A team of Japanese and South Korean researchers will start observing Ryugu asteroid next fall using a special telescope in Hokkaido, northern Japan, in hopes of gaining an understanding of how asteroids are formed, a member said Monday.
Japan's Hayabusa2 probe recently completed its mission to collect samples from the asteroid, measuring about 900 meters in diameter and located some 250 million kilometers from Earth, and is scheduled to return around the end of 2020.
"We want to solve mysteries in which Hayabusa2 could not fully explore," said Masateru Ishiguro, a Seoul National University professor who will lead the group and analyze collected data together with South Korean students.
The team aims to find out whether there are sand particles on Ryugu using Hokkaido University's Pirka Telescope in the city of Nayoro, which is capable of detecting tiny particles measuring as small as a thousandth of a millimeter.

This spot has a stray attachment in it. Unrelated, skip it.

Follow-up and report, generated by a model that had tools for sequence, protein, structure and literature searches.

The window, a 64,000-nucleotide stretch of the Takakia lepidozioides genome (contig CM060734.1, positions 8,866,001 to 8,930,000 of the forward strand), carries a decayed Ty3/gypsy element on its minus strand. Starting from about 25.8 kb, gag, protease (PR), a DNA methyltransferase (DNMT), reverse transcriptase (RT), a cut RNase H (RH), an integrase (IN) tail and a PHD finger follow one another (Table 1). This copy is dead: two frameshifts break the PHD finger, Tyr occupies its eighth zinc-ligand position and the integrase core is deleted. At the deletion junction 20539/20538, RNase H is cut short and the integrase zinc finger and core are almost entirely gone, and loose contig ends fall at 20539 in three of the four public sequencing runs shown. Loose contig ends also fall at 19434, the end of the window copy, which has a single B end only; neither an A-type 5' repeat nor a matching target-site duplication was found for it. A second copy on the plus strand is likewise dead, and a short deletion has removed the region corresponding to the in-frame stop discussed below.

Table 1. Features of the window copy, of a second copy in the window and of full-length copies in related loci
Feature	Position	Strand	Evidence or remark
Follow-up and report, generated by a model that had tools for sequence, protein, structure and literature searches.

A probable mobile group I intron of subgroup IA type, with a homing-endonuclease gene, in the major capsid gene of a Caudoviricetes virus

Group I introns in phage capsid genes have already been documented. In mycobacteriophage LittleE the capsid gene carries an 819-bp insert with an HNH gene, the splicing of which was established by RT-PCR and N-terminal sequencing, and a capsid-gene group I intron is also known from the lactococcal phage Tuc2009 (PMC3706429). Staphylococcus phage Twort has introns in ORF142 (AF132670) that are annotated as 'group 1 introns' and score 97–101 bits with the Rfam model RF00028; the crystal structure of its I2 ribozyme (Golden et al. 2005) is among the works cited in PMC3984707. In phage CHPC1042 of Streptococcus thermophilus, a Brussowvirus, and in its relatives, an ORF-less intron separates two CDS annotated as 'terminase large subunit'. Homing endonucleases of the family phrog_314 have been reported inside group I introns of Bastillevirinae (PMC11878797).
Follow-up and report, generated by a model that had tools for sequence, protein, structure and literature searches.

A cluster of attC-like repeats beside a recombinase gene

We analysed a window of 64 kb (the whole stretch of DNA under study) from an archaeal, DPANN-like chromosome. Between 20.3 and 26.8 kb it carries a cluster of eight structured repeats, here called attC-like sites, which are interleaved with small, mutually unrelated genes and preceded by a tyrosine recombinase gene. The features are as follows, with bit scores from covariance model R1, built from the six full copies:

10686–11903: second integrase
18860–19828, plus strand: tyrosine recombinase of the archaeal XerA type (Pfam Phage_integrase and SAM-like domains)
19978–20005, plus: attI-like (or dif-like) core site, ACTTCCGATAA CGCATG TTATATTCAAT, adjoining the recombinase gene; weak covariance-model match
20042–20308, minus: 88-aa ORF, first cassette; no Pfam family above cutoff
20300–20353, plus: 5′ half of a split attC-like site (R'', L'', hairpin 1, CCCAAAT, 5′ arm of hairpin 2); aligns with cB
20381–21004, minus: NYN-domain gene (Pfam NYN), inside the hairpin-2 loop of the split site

The rocky asteroid, which orbits around the Sun near the Earth and Mars, has been far away from the Earth for the past few years but will come close again by the end of next year. The asteroid will also appear to be its brightest since its discovery in 1999.
(Photos courtesy of JAXA)
The observation is scheduled to be conducted between October 2020 and the first half of 2021.
Hiroshima University and the University of Hyogo in western Japan are considering taking part in the project through their respective observatories, while Ishiguro is also asking a Brazilian observatory to join in.
Hayabusa2 reached Ryugu in June last year after its launch in December 2014. It has touched down on Ryugu twice, successfully collecting the first-ever asteroid subsurface samples after creating an artificial crater by shooting a copper projectile at the asteroid.